Monday, October 3, 2011
Monday, August 1, 2011
|Praying Mantis blending in with Hydrangea leaves.|
Wednesday, July 13, 2011
Wednesday, June 1, 2011
|The hale and hardy performers, with many 'checks' from the list.|
And then this spring, as I was weeding away along the fence, I looked but didn't see any sign of the bloom-less beauty. Another failure I thought, and made a note to cross it off 'the list'.
So yesterday (You know this is going to have a happy ending - right?), I am weeding away in my Monarda, and see this:
|Clematis 'Crystal Fountain'|
Monday, May 9, 2011
|Malus "Sugar Tyme"|
Monday, May 2, 2011
- Trunk Rot - Bark tissue is different from root tissue and not "designed" to be continually moist or submerged. Covering the trunk with mulch will keep the bark moist and eventually the bark will decay, this will further lead to insects and disease feeding on the decayed tissue and eventually the tree (or shrub) will die.
- Suffocate/ Girdle the tree – Tree roots collect oxygen for the tree, the surface roots are now smothered by too much mulch so the distressed tree will send out little capillary roots into the mulch. Unfortunately these little roots are now above the soil line and subject to summer heat and winter frost damage and if they manage to survive these afflictions the roots grow larger encircling the thee trunk and eventually girdling or choking itself.
- Thirsty Tree - In the image above the slope is pushing water away from the tree before it has a chance to absorb into the ground. And the mulch is so thick, it is highly unlikely that rainwater could penetrate that mound and reach the tree roots where the water is needed.
- Home for pests – Mice, voles, insects etc. now have a comfortable home right next to your tree trunk and they can feast away undetected. Poor tree!
Tuesday, April 26, 2011
|Narcissus poeticus and Hyacinthoides "White City"|
Wednesday, February 16, 2011
The downside of owning your own small business is being responsible for the tasks you don’t like to do, for me that is the bookkeeping. But it must be done, so I sat down this morning with a fresh cup of coffee ready to barrel through it. But my brand new computer was running really, really, really slowly. Making what I hate to do, take 10 times longer than it should, anyone sense my frustration yet?
So I immediately saved what I was working on, shut everything down and restarted my computer. My first answer to everything electronic is reboot and try again. Hey, I play with plants for a living my technical knowledge is VERY limited. After shutdown, I noticed that my start up was taking longer than usual, especially for my brand new speedy mac and I immediately thought “Oh no, what did my kids download onto my computer”. This prompted my search, I won’t take you through my lengthy steps, remember my business is landscape design not technology. After this long process I found an application called Growl, BTW this only showed up under System Preferences under ‘Other’. I tried looking for it with finder and other searches, it doesn’t show up. I never installed anything called Growl so my first thought was spyware. I tried to uninstall it, but it wouldn't let me. I couldn’t drag it to the trash either.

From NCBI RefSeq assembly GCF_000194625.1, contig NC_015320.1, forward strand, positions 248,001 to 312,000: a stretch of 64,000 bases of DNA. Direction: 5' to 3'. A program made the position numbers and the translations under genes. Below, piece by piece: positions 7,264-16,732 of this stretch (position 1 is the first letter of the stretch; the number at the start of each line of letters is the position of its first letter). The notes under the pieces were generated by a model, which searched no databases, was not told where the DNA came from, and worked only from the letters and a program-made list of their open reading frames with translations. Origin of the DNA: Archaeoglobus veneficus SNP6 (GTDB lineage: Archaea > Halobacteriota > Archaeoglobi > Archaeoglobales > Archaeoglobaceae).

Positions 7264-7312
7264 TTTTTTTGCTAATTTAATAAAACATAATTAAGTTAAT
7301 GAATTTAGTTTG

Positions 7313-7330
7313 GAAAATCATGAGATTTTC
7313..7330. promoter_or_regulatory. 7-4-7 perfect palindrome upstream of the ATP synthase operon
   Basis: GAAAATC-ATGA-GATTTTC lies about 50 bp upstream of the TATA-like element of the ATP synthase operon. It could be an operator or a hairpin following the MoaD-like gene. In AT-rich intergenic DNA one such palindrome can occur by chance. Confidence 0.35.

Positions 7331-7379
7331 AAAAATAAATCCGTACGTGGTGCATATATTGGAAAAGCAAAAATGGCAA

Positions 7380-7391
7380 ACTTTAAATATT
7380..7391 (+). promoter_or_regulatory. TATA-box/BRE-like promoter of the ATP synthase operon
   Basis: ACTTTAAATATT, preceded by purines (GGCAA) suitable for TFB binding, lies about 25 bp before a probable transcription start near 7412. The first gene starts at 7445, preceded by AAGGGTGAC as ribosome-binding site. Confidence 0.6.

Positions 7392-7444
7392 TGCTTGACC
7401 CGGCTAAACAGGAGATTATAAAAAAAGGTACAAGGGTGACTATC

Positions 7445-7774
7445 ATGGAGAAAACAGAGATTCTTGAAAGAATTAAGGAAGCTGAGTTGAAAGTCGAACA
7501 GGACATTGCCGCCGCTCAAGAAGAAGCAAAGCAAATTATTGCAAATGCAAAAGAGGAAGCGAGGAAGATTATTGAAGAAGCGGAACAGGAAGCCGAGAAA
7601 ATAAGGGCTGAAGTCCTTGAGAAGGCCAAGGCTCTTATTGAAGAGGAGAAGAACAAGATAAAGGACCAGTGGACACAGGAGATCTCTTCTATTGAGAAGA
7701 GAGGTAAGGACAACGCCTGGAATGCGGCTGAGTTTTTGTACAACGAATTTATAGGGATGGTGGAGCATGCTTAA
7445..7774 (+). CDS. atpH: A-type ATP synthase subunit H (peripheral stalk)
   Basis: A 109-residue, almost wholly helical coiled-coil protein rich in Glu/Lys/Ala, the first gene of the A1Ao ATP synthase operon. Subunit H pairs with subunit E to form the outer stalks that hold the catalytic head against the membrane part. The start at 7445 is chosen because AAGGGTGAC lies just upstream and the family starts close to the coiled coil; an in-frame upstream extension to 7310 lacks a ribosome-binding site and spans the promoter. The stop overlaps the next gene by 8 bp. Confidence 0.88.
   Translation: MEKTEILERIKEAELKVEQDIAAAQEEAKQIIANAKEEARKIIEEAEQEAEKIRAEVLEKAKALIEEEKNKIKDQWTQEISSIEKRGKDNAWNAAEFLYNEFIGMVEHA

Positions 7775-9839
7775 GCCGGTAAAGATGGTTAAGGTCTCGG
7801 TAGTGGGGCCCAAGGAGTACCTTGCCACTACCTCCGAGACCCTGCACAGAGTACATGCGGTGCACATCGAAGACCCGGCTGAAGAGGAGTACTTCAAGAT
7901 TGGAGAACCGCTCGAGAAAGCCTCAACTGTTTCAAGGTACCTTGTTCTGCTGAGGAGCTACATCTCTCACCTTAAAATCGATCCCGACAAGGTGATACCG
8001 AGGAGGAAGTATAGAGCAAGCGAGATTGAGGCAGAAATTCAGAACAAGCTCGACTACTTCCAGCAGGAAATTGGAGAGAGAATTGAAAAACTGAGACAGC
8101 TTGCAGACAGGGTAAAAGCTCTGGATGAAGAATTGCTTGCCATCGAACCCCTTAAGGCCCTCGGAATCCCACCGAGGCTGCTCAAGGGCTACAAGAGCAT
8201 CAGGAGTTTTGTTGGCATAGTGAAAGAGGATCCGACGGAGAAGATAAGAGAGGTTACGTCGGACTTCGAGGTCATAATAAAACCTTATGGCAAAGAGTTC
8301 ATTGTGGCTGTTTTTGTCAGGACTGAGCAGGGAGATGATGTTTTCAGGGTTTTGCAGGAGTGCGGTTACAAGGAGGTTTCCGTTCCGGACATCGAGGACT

Google Time. Turns out, Growl installed itself when I downloaded an application called Dropbox (which a colleague suggested I use to share work documents). Not only that, but Growl set itself to automatically start up with my computer (although it doesn’t show up on my start up list), and it is always running (although it doesn’t show itself as a running application). So what does this sneaky application do? I haven’t the foggiest. One blogger described it as an annoying guy following you around the house telling you “your phone is ringing”, “your dishwasher is done” and so on. Thanks, but not something I need.
So my next google search was “How do you uninstall Growl?”. The software developers of Growl want you to download an uninstall software from their website. Excuse me? That sounds wrong. I’ve accidentally deleted lots of things before, but in this case, I need a special application to delete another application? There must be another way. Growl showed up uninvited on my computer, remains hidden (from most of my search methods) and I am supposed to trust the developers to remove it by voluntarily installing another application. Does anyone else find this odd?
Ok, so more searching finds forums filled with other queries similar to mine “How did Growl get on my computer?”, “Is Growl a Virus?”, “How do I get rid of Growl?” and so on... at least I am not alone. But I can’t find a complete answer. I found out how to stop it from running, how to disable it from Dropbox, and how to stop it from opening at start up. But I still can’t get RID of it. Apparently neither can others, most forum responses follow this line “It isn’t doing anything just leave it.” or “You may want it in the future” but this isn’t enough for me. If someone walked into my house, uninvited, I would want them to leave. Even if they were not eating my food or using my hot water, I would want them OUT of my house.
The good news is that my computer is running MUCH faster now that I turned this application off, and therefore I can get back to my bookkeeping (maybe not so good). But I still want to delete this application from my computer, and I don’t want to install another application to do it. So, thoughts anyone?